According to The Guardian, Daniel Hagari announced Biari’s death alongside “scores” of Hamas militants – without providing the total number of combatants killed. He added that the strike on the building Biari was in “led to the collapse of other things because there was a very extensive infrastructure there.”
@AvichayAdraee on Twitter/X released an IDF video in Arabic where Israeli forces claimed to have killed Hamas leader Ibrahim Al Bayari on October 31st in middle of Jabalia, alongside “many elite members” of Hamas. During a briefing (quoted by The Guardian), IDF spokesperson Hagari declared that “There are dozens of terrorists that have been killed with [Bayari], and the ‘metro’ underneath has collapsed, so it made this hole that you see in the area. We are dealing with terrorists that build the system of infrastructure of terror underneath the Jabalia refugee camp for a big reason. They want this picture of destruction.”
Hamas militants “strongly denied the presence of one of its leaders in the refugee camp” according to CNN, with AP adding that “Hamas spokesman Hazem Qassem denied the military’s claim, saying it was trying to justify “its heinous crime” against civilians.”
With ambiguity around the exact number of militants killed, Airwars has applied a 12-24 combatant casualty range to account for comments such as ‘dozens’ of targets killed.
While a video of the moment of the bombing was released by IDF forces on social media, the IDF spokesperson reportedly refused to comment on the number of munitions used or their types or identify “which craters were caused by tunnel collapses” – indicating that Israel would provide information at a later stage, according to The Guardian.
The Guardian reported “at least five craters in the densely populated refugee camp, which weapons experts said were left by the use of multiple JDAMs – joint direct attack munitions – in the airstrike.” Former Pentagon munitions expert Marc Garlasco also told The Guardian that “the biggest crater at the site looked like a hit with a GBU-31.” “There are other bombs it could be. That one just fits best with all the evidence. The estimated crater is around 40 ft [12 metres]””.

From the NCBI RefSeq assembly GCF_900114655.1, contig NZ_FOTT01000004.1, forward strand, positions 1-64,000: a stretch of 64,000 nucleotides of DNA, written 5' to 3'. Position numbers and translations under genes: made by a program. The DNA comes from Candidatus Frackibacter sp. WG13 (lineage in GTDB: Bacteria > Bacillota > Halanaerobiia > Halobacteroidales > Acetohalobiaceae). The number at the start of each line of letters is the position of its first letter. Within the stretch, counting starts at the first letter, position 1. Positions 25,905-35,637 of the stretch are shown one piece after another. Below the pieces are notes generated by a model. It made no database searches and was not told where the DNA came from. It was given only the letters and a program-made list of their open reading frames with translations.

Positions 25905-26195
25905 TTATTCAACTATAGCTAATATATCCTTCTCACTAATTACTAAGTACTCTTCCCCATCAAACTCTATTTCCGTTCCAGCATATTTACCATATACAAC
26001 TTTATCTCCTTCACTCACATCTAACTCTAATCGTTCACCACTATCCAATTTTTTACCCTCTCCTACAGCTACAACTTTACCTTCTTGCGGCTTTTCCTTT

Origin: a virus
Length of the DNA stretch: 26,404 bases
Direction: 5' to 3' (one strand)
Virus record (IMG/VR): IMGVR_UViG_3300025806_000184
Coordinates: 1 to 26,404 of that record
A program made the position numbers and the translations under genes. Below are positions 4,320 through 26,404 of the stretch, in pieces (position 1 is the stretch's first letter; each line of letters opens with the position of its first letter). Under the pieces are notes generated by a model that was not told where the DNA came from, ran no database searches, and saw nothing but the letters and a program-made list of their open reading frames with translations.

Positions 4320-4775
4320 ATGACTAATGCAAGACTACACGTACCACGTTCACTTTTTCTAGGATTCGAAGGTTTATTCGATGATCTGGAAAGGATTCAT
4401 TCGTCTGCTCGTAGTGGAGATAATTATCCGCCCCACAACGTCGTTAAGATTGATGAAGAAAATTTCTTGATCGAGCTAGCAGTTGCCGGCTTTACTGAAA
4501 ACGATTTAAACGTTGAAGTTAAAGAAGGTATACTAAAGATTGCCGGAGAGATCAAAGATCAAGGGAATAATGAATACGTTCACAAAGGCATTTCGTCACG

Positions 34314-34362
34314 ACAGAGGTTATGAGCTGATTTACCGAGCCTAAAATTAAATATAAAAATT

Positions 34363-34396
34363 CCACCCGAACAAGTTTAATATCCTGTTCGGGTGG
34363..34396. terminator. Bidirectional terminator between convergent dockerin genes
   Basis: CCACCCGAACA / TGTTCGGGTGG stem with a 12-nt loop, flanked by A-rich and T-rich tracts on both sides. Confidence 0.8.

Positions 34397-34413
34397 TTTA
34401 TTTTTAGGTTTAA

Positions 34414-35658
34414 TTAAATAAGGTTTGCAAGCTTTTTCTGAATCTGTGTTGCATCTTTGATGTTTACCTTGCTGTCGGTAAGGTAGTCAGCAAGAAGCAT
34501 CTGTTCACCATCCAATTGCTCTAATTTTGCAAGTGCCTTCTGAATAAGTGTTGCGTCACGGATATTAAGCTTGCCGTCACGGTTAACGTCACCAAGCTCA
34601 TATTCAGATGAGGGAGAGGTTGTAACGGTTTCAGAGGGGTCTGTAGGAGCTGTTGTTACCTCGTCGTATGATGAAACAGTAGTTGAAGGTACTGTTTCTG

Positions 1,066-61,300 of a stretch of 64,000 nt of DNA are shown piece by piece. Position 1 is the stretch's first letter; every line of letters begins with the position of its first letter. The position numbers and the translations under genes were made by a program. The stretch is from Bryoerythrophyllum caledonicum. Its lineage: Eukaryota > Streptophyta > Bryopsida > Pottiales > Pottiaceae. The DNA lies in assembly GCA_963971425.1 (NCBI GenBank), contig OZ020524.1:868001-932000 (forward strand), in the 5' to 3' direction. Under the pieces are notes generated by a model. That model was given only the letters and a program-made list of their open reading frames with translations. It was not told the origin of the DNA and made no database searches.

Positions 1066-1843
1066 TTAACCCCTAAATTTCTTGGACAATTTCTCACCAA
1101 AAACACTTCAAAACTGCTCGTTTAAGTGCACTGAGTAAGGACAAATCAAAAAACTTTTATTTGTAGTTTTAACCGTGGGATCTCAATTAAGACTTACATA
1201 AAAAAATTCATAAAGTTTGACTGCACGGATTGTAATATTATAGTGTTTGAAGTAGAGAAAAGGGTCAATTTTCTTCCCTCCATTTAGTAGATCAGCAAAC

A former United Nations weapons inspector Chris Cobb-Smith, told The Guardian, “The munition is almost certainly JDAM, either a GBU 31 (Warhead Mark 84) general purpose bomb or possibly a GBU 56 (Warhead BLU 109) bunker buster. Both about 2,000lb [900kg].”
According to The Guardian: “The GBU (guided bomb unit) is a precision-guided air-to-surface weapon system. It is part of the Israeli arsenal provided by the US and also manufactured by Israel under contract. These Boeing-manufactured GBUs use a tritotal, which is an explosive mix of TNT and aluminium powder, used commonly in air-dropped bombs. The Israeli air force recently posted images of dozens of GBU-31 being loaded on planes. “This fits our analysis. You can see the size of the bomb and guidance straps, which are the signature of the GBU-31,” added Garlasco.””
Garlasco also told The Guardian that “the type of munitions he believes were used would have met stated Israeli military goals of hitting underground tunnels, but also caused extensive damage above ground. If they are set to have a delayed detonation, which is one of three options on the bomb, they cause an earthquake-like phenomenon when they do explode. “JDAMs will burrow through the ground, and have a delayed detonation, causing the building to collapse on itself. This explains the extent of the damage,” he said. “Buildings also collapse due to the blast wave, not just tunnels”.
According to Bellingcat, on October 31, “Reports began to appear online about 2:30 pm local time (…) A Reuters live stream filming towards Jabalia and Gaza City appears to have captured a large explosion at approximately 2:24pm local time, consistent with the earliest reports of the strike on Jabalia.” This observation matched The Guardian’s findings, which noted that “The first online reports of Tuesday’s attack came at about 2.30pm local time. A Reuters live stream captured the moment of impact a few minutes earlier.” According to The Guardian, relying on Reuters video footage and other media content, the exact location of the strike was narrowed to buildings at the intersection of Al Mouhawel and Al Almey streets.
Note that at the time of publication of this assessment, the Ministry of Health had not yet released an update to the list of named fatalities originally published on October 26th.
Due to the scale and urgency of Airwars’ assessment process, all images have been automatically uploaded to each assessment with the graphic filter applied to protect users. We have also included all images identified from the sources, which may also include any imagery of combatants.
The incident occured at 14:30:00 local time.